We are not supporting this browser

Toddler Tummy

      Teaching your toddler to stop saying no
























      Helping you through the ‘no’ phase

      Have you started to think that ‘no’ is your toddler’s favourite word? If so, don’t worry. The ‘no’ phase is all part of speech development. How long this goes on for varies from toddler to toddler. But thankfully, there is something you can do about it.

      So here are some tips and suggestions to help encourage your toddler to say something more positive!


      Understanding why toddlers say no

      One of the reasons your toddler likes the word ‘no’ is simply because it’s easy to say. They’ve probably also learnt that saying ‘no’ gets a reaction from you. It’s just their way of showing you they’re their own person and asserting their new found independence. So in a strange way, it’s a good sign!

      Toddlers learn by copying what others do. So if you find yourself saying ‘no’ often, they’re likely to copy you. Perhaps you could try saying it a different way?

      Instead of ‘‘No! Don't touch the radiator,’’ try saying ‘‘Hot! Are your fingers OK?’’

      And instead of ‘‘No shouting at bedtime,’’ try saying softly ‘‘Shhhh, bedtime is quiet time, remember?’’

      Thinking of the right questions can help you get a ‘yes’ rather than a ‘no’. So give them plenty of praise when they follow what you say, to show that ‘no’ doesn’t get them what they want.

      Some do’s and don’ts to help keep those no’s to a minimum:

      • Say ‘no’ as little as possible so your toddler doesn’t just copy you.
      • If you need to tell them to do something, say it positively.
      • Don’t let them see that ‘no’ makes you feel irritated.
      • If you have to refuse a request, use phrases such as "great idea, we'll play that later" instead of "no, I'm too busy to play at the moment".
      • Ask questions. ‘‘How quickly can you get dressed?’’ instead of ‘‘Could you put your clothes on please?’’ And ‘‘Would you like to wear your red jumper or your blue one" instead of ‘‘Please put your jumper on.’’
      • Give them plenty of praise to back up good behaviour.
      • If you think they’re in the mood to say no, try changing the subject. ‘‘Let’s see what’s for lunch today.’’ Or ‘‘Where is teddy hiding?’’
      • If they say no, reply with ‘OK then’ and delay them by saying ‘We can do that in a little while, but first...’
      • Stay positive. Remember, they will grow out of the ‘no’ stage.

      Any more questions?

      Our specialist baby advisors and experienced mums are here to talk and ready to help whenever you need them. You can call us or reach us on Live Chat 8.30am-5.30pm Monday-Friday.

      Join the C&G baby club today

      Join the C&G baby club today

      • Weekly emails with tips and advice for your stage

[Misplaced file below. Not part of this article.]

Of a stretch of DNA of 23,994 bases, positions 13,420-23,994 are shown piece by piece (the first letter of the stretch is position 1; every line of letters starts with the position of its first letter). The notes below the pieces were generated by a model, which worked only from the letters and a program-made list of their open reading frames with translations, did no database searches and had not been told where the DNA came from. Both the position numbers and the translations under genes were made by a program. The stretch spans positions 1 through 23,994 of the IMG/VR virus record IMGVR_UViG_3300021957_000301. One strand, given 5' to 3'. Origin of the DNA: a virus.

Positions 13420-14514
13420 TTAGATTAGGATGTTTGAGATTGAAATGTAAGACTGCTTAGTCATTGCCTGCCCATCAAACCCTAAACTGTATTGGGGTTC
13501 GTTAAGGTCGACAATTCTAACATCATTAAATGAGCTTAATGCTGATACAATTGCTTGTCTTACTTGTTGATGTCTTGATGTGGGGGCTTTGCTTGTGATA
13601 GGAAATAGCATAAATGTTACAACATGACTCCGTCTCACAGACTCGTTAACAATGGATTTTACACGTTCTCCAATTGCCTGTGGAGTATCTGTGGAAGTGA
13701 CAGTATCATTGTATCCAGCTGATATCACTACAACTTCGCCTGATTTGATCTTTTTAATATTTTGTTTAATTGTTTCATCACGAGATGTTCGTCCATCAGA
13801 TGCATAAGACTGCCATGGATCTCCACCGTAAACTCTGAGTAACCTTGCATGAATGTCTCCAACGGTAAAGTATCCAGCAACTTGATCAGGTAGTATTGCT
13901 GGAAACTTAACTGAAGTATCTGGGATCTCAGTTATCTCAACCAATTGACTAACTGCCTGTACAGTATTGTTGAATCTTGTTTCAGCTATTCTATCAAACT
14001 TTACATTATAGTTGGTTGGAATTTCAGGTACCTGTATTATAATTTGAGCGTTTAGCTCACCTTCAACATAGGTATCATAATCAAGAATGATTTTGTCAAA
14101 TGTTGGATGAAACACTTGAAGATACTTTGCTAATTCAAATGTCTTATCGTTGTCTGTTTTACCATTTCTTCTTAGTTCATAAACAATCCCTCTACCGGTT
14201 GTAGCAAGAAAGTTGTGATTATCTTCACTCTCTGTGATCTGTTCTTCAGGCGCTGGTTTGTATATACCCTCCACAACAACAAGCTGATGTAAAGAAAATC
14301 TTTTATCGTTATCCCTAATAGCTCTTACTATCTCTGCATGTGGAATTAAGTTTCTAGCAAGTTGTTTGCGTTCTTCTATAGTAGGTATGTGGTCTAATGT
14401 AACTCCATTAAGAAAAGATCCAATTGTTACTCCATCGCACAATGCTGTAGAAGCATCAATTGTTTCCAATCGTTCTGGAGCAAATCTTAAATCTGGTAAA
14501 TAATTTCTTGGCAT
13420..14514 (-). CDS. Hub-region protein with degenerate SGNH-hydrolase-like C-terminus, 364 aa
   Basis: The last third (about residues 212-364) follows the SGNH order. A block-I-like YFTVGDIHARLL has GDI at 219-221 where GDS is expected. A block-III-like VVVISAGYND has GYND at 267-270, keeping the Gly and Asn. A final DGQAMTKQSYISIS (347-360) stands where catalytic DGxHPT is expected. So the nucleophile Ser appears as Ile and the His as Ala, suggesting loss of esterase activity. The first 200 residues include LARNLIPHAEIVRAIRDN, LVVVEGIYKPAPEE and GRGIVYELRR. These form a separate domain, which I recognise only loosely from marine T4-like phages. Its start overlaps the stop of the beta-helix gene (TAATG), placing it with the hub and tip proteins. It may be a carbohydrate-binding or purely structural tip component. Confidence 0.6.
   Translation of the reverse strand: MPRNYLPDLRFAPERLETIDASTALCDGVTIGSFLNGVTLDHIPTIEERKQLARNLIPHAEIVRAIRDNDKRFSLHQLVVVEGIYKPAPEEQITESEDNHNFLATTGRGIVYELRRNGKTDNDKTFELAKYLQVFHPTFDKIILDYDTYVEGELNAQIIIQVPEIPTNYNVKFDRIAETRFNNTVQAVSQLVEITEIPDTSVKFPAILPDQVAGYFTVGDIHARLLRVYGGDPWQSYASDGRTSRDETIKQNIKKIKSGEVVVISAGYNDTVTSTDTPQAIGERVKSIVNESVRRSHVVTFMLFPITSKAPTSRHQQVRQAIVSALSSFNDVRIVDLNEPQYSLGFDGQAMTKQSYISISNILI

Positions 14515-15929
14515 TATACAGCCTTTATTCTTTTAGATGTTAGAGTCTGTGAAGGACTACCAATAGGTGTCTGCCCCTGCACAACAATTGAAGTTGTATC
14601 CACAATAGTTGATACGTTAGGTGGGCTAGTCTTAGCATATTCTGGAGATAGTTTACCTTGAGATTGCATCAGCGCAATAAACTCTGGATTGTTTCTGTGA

• 1-to-1 support from our dedicated Careline team, 8.30am - 5.30pm Monday to Friday.
      Join us now

      More from toddler

      Your privacy is important to us and therefore we would like to explain how we use cookies on this website. With your consent, we will use cookies to measure and analyse how our website is used (analytical cookies), to tailor it to your interests (personalisation cookies), and to show you relevant advertising and information (targeting cookies) we think you will like. For more information please read the cookie statement.

      Privacy Settings

      You can choose your preferences anytime for cookies and tracking. For more information please read our cookie policy

      • Strictly necessary

        They are necessary for the website to function and cannot be switched off. They are usually only set in response to actions made by you which amount to a request for services (setting your privacy preferences, logging in, filling in forms, etc.). You can set your browser to block or alert you about these cookies, but some parts of the site will not then work.

      • Analytical cookies

        They allow us to count visits and traffic sources, to measure and improve the performance of our site. They show us which pages are the most and least popular and how visitors move around the site. If you do not allow these cookies we will not know when you have visited our site, and will not be able to monitor its performance.

      • Personalisation cookies

        They enable website’s enhanced functionality and personalization. They may be set by us or by third parties whose services we have added to our pages. If you do not allow these cookies, some or all of these services may not function properly.

      • Targeting cookies

        They may be set through our site by our advertising partners, to build a profile of your interests and to show you relevant adverts on other sites. They do not store directly personal information, but are based on uniquely identifying your browser and internet device. If you do not allow these cookies, you will experience less targeted advertising.